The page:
The British fashion brand and China’s largest social media company collaborated to design a shop that suited Shenzhen‘s growing reputation for technology.
Shoppers use WeChat, a Chinese messaging and social media app, to engage with the shop in Shenzhen’s MixC development.
Through the app, shoppers can book one of the three themed fitting rooms, pre-select the clothes and play their own music while they try them on. They can also use this program to book a table at the in-house cafe and make appointments with stylists and other services.
To encourage engagement, the program has a rewards system to earn “social currency” that unlocks custom content, such as new characters and outfits for the animal avatar and exclusive dishes on the cafe menu.
All the products have QR codes, which can be scanned to display more information and visual hints for styling the project – and give the user more points for unlocking content.
The interactive window display is currently a sculptural recreation of the runway for Burberry’s Autumn Winter 2020 show. Mirrors and screens capture the movement of people as they interact with it, which users can capture and share with their phones.
“Social media is an increasingly important part of the customer journey and the interaction between social media and physical surroundings is ever more seamless,” said Burberry senior vice president of digital Mark Morris.
“Our social retail store in Shenzhen is our response to this. It is a space where the social and physical worlds merge, taking interactions from social media and bringing them into the physical retail environment,” he told Dezeen.
“The tech we use in the store is intended to provide a seamless journey that augments customers’ online and instore life. Therefore, this is not a tech store, but a beautiful luxury store augmented by technology.”
Burberry chief creative officer Riccardo Tisci turned to the brand’s archive to create a visual look for the themed rooms that correspond to the digital platform.
The Italian fashion designer used the Thomas Burberry Monogram and the fashion house’s fawn print as a recurring motif – the latter being the inspiration for the WeChat avatar too.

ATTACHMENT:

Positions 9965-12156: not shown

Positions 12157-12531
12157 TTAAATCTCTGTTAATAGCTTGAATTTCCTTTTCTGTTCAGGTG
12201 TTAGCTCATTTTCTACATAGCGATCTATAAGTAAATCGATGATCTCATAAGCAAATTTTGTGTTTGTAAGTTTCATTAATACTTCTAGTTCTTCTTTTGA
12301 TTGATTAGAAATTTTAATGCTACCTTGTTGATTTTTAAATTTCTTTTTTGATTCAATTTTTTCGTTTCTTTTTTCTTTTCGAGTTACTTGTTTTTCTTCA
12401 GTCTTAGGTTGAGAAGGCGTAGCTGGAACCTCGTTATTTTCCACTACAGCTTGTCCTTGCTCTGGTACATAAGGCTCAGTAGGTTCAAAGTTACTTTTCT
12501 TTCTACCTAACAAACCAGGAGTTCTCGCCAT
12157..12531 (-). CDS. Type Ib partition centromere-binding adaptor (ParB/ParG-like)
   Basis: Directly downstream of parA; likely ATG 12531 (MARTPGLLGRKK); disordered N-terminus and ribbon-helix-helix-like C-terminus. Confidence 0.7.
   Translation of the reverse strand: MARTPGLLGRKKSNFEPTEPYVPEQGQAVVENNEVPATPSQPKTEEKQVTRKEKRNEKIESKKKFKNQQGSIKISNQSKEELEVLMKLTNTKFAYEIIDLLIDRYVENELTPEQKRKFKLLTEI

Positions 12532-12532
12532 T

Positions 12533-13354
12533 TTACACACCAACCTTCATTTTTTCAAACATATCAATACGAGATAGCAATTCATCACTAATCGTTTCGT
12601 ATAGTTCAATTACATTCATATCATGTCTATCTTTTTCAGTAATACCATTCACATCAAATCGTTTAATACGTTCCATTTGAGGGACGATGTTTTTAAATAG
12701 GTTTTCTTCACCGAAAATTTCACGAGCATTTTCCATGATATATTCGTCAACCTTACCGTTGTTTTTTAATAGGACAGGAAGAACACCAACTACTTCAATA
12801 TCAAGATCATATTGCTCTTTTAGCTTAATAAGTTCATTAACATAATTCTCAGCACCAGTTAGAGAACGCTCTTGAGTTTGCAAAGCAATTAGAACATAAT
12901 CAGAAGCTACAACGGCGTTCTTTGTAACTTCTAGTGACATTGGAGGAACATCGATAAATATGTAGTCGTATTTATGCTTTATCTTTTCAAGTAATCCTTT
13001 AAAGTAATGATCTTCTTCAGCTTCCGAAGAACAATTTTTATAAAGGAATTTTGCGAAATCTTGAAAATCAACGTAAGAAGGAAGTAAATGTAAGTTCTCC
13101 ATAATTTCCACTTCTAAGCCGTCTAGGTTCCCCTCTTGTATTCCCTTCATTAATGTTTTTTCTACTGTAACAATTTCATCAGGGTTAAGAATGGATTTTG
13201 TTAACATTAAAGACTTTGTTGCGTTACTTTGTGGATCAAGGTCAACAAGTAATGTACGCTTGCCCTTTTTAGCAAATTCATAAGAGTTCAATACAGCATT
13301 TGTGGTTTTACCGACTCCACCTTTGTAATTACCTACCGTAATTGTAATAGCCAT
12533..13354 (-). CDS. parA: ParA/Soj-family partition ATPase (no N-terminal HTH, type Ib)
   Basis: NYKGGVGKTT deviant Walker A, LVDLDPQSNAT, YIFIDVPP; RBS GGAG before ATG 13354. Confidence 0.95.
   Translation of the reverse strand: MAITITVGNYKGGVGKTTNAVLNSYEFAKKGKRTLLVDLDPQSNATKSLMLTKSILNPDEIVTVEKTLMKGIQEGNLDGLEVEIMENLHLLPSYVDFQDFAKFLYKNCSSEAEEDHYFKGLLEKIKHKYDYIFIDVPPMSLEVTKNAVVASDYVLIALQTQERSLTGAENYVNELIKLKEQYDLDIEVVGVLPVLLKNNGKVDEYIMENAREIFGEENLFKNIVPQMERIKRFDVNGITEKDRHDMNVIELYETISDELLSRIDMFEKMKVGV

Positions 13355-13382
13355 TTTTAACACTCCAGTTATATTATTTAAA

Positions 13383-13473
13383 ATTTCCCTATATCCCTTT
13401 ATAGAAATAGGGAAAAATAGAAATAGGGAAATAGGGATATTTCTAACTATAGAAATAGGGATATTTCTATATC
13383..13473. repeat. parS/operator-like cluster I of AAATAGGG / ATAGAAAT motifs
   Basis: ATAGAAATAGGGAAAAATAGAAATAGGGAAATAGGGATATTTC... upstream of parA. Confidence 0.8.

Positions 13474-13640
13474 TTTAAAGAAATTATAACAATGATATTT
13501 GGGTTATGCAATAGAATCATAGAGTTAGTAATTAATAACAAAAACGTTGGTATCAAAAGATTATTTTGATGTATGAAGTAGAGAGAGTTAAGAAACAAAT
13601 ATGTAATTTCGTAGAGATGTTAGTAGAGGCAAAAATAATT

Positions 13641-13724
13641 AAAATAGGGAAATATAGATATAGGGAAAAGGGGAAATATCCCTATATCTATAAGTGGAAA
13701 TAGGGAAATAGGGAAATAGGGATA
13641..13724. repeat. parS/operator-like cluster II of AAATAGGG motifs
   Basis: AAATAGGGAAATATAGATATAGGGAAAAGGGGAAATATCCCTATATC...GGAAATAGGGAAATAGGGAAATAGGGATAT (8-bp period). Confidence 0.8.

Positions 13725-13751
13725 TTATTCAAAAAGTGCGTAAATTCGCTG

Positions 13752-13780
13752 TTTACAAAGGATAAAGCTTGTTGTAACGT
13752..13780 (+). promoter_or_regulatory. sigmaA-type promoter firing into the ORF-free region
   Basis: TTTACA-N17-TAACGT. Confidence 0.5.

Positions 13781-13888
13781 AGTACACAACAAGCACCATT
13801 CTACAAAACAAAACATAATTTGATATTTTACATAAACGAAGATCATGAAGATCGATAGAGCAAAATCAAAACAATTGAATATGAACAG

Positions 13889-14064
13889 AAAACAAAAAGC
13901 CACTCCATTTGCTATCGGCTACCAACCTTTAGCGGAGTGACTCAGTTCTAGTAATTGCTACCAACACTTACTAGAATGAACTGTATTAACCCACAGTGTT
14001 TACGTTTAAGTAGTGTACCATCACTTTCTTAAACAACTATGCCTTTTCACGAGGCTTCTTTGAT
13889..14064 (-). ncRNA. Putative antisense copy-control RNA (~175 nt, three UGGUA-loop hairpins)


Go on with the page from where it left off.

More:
Furnishings, fixtures and plinths throughout the store are made from plywood and mirrors. Tisci used a palette of beige, pistachio, pink and blue throughout the 10 rooms in the shop, each of which has a different theme.
The three bookable fitting rooms are decorated around the concept of Burberry Animal Kingdom, Reflections and the Thomas Burberry Monogram, and visitors can book their favourite via the app.
Thomas’ Cafe is decked out in high-gloss beige with chamfered mirrors, animal-patterned wall panels and layers of sandy-coloured curtains.
Even the tabletops are mirrored, creating a unique backdrop for diners to capture their meal for sharing on social media.
In the Trench Experience room, digital displays set in the plywood walls show moving images of nature in reference to the fashion brand’s founder, Thomas Burberry, who designed a waterproof trench coat for British troops in the first world war. This room has more opportunities for customers to unlock custom content.
“I am fascinated by the balance between nature and technology, and the energy that connects the two,” said Tisci.
“This store explores this relationship, blending the digital and the physical realms in an exciting new concept. I wanted to bring this love of the outdoors to life through all the elements of the store.”
Burberry previously brought technology to its London shop, where it installed a robot that appeared to chisel sculptures out of polystyrene blocks.
Tencent recently opened its new headquarters in Shenzhen, a pair of towers designed by NBBJ joined by multiple bridges to encourage staff to meet and interact.
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